People at the Investment Company Institute's annual conference are used to hearing panelists praise the mutual fund industry or offer discreet warnings about its pitfalls.
But three executives from computer and Internet companies dispensed with such decorum at the start of the trade group's gathering here with blunt assessments of how e-commerce will affect the industry.
"The Web is a giant threat to the financial services industry," Jay S. Walker, founder and vice chairman of Priceline.com, said in response to a question.
The company is an on-line clearing house for everything from airline tickets to mortgages.
His comments drew murmurs, raised eyebrows, and surprised laughter from the audience of several hundred.
Mr. Walker went on to compare the challenge that the mutual fund industry faces from on-line competitors to the threat that the newly invented automobile posed to the horse and buggy, that television posed to movies, and that airplanes posed to trucks as cargo haulers.
Richard Owen, vice president of Dell Online and a member of the same panel, said big, successful fund companies are most at risk because their accomplishments under today's ground rules tempt them to be complacent.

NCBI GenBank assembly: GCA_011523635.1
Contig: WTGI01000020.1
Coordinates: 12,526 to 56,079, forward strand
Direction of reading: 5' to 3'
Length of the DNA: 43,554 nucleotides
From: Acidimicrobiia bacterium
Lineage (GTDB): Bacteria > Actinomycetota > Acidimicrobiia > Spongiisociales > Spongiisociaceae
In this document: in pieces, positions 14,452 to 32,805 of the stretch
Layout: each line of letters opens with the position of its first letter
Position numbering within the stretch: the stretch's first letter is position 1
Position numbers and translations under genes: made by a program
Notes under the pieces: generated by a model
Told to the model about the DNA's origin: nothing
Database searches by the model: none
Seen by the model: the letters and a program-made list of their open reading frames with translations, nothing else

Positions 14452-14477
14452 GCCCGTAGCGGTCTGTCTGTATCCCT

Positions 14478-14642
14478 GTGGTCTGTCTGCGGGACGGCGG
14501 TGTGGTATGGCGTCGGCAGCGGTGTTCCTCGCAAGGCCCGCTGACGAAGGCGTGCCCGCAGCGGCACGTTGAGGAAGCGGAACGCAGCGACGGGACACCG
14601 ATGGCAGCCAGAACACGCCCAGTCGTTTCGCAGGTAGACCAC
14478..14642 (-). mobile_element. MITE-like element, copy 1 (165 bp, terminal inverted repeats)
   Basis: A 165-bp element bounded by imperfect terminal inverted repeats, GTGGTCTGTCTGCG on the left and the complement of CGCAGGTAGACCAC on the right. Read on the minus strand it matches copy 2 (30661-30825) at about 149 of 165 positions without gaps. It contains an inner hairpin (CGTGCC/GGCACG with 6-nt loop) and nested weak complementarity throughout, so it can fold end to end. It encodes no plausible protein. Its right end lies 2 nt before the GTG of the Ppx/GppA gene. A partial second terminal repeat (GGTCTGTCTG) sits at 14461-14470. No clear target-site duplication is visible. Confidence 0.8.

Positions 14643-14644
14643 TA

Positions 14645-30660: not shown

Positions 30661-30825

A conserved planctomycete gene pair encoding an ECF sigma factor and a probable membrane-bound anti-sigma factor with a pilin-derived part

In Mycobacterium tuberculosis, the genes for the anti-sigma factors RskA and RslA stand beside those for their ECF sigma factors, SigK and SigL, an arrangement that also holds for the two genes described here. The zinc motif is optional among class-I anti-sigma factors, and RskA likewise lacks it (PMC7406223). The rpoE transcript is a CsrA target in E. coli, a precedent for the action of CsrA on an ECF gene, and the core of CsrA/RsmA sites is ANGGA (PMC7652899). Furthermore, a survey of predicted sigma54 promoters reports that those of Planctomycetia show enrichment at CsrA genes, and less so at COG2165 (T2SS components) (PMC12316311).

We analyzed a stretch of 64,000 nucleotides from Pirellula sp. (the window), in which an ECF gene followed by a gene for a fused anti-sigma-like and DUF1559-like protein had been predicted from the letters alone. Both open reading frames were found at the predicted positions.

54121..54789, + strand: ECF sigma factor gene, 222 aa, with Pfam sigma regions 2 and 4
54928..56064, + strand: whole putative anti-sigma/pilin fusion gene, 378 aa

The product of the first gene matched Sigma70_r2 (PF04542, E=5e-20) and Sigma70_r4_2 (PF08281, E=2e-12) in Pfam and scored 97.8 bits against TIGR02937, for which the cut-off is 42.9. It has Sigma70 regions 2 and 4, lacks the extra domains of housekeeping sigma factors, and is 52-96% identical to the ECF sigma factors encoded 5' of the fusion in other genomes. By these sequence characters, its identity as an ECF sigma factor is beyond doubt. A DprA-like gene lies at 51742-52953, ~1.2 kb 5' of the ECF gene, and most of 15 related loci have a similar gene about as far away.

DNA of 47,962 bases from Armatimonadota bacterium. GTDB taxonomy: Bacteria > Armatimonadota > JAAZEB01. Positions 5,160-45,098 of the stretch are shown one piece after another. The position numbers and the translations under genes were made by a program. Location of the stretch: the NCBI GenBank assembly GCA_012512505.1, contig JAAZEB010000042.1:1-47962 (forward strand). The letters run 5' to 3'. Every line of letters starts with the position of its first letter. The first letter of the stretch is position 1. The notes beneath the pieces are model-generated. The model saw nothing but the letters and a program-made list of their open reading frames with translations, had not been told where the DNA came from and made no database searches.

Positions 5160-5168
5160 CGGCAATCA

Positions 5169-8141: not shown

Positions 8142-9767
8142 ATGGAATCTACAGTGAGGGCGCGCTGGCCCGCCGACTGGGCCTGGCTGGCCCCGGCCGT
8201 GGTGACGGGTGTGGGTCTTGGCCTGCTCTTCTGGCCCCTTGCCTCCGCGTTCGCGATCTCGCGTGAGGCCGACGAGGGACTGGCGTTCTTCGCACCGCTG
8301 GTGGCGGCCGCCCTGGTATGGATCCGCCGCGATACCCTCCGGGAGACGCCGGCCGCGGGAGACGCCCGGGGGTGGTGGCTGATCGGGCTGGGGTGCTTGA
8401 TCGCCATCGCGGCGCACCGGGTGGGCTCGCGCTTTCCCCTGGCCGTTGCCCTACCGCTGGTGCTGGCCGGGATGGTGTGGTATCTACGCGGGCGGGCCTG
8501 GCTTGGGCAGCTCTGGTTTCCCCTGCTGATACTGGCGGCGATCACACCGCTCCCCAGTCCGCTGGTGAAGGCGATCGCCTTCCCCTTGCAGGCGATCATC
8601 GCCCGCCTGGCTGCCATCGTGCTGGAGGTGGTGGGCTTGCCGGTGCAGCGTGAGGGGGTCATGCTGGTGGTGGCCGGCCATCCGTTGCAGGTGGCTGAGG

He called the Internet a "huge threat" for those companies that command most of the market. "If you're a winner today I think you've got to reinvent yourself to be successful in the future," he said.
Fund companies must forget the fear that selling their products on-line will cut into sales through traditional channels such as brokers, Mr. Owen said.
"If you're not cannibalizing, you can count on the fact that some fairly smart people are going to do it for you," he said.
Such do-or-die talk, common in the on-line business, is fairly new to the mutual fund establishment.
Peter J. Germain, managing director of mutual fund services at Federated Investors, said the panel discussion was a valuable wake-up call for the fund industry.
"There's a tendency to think you don't need to be ahead of the curve," he said.
Exactly what - or whom - do the established players have to fear? The panelists suggested it would be a nimble new company that has yet to emerge, using as an analogy the way that Amazon.com emerged from nowhere to shake up book sales.
Mr. Walker and Mr. Owen, along with Meg Whitman, the president and chief executive of eBay Inc., a portal company, agreed that e-commerce-the buying and selling of goods and services over the Internet-will come into its own within four years.
By then, voice recognition capabilities will have made the Internet even less intimidating to typical U.S. consumers, they said.
Fund companies that stick exclusively to the old way of selling may avoid the expenditures needed to open a new distribution channel, but they will be "stuck with an eroding profit base," Ms. Whitman said.